What other preparation will I need?
We highly recommend that you obtain research experience while you are an undergraduate student. This may be obtained in a variety of ways, including working with a faculty member as a research assistant in their laboratory for pay or for Independent Research credit (PSY 4060). We encourage you to speak with the faculty members whose research areas interest you. In addition to getting to know your professors through your classes, you are invited to browse the description of their research areas on the Psychology Faculty web pages. You may also want to express your interest in engaging in research activities at the college.
We also encourage you to participate in the many professional activities available in the department and at the university. Examples of these activities include joining the Psychology Club or Psi Chi, signing up for Independent Reading (PSY 4040) with a faculty member, joining a reading group (many professors have reading groups outside their classes), attend department brown bags and colloquia of interest, and attend and present at scientific conferences when feasible.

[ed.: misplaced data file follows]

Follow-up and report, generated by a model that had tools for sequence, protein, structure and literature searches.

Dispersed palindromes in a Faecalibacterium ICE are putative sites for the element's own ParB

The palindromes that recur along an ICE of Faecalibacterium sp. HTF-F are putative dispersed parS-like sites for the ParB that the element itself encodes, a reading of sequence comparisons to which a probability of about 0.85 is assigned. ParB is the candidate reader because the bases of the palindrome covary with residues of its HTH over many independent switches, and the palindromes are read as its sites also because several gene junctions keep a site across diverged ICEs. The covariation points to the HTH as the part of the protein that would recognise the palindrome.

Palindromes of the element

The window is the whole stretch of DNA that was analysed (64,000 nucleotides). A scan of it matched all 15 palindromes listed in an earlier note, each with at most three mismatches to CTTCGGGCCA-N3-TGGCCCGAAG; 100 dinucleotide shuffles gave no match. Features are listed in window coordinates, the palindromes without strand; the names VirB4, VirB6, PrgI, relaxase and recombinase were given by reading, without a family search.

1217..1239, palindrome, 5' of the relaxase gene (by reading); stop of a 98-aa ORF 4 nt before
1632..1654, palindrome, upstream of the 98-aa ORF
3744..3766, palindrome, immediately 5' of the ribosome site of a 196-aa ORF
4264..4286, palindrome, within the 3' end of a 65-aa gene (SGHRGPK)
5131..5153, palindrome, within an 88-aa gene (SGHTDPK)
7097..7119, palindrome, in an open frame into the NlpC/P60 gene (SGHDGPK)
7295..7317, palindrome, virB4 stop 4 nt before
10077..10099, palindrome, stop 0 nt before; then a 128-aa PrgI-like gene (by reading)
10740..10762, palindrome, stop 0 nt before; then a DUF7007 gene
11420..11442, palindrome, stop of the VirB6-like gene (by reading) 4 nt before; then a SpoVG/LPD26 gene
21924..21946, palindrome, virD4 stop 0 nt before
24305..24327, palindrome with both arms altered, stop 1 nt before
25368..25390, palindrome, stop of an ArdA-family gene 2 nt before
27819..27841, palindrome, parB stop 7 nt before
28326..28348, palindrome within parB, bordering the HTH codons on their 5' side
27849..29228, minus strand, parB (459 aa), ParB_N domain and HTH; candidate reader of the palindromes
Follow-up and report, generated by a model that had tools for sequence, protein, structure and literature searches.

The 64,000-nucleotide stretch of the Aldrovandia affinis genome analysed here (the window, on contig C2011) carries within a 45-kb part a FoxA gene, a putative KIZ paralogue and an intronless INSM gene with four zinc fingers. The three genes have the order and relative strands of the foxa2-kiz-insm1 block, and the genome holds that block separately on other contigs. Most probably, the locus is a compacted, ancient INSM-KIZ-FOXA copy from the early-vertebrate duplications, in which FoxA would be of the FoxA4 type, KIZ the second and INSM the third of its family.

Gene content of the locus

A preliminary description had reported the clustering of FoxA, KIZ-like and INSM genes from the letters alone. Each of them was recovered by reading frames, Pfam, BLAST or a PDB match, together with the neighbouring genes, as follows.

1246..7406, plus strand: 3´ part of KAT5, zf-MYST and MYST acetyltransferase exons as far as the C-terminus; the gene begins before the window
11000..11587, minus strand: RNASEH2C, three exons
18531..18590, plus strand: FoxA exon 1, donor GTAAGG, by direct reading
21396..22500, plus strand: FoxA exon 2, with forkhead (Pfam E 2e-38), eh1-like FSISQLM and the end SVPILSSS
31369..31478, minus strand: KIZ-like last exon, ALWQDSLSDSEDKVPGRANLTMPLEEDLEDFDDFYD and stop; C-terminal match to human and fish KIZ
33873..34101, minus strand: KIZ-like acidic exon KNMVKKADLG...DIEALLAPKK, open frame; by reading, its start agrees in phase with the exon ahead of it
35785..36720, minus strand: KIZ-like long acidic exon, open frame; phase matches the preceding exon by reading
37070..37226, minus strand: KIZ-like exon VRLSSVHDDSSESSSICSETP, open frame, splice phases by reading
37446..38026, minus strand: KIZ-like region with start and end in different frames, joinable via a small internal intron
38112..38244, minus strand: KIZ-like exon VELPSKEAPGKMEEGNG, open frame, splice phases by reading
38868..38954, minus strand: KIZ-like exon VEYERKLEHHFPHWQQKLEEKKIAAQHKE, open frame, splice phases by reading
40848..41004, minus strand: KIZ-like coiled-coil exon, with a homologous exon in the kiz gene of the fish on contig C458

Practical experience such as participating in an internship or practicum (PSY 4030) in your field of interest could also be valuable. To explore opportunities for practica, you are encouraged to express your interest to your faculty and to monitor the bulletin board on the third floor of Fawcett regularly.
If you are planning on graduate school, medical school, or law school, find out about the proper preparation for taking the standardized tests in your field (e.g., GRE for graduate schools, MCAT for medical schools, and LSAT for law schools). Although you will most likely not start practicing the tests until a few months before you plan to take your exam, you need to be building up your verbal, quantitative, and analytic skills all along. The actual practice of the tests will familiarize you with the format and test-taking tactics only. We recommend that you continue to read to improve your vocabulary and comprehension and to acquire a solid quantitative background throughout your undergraduate tenure and beyond.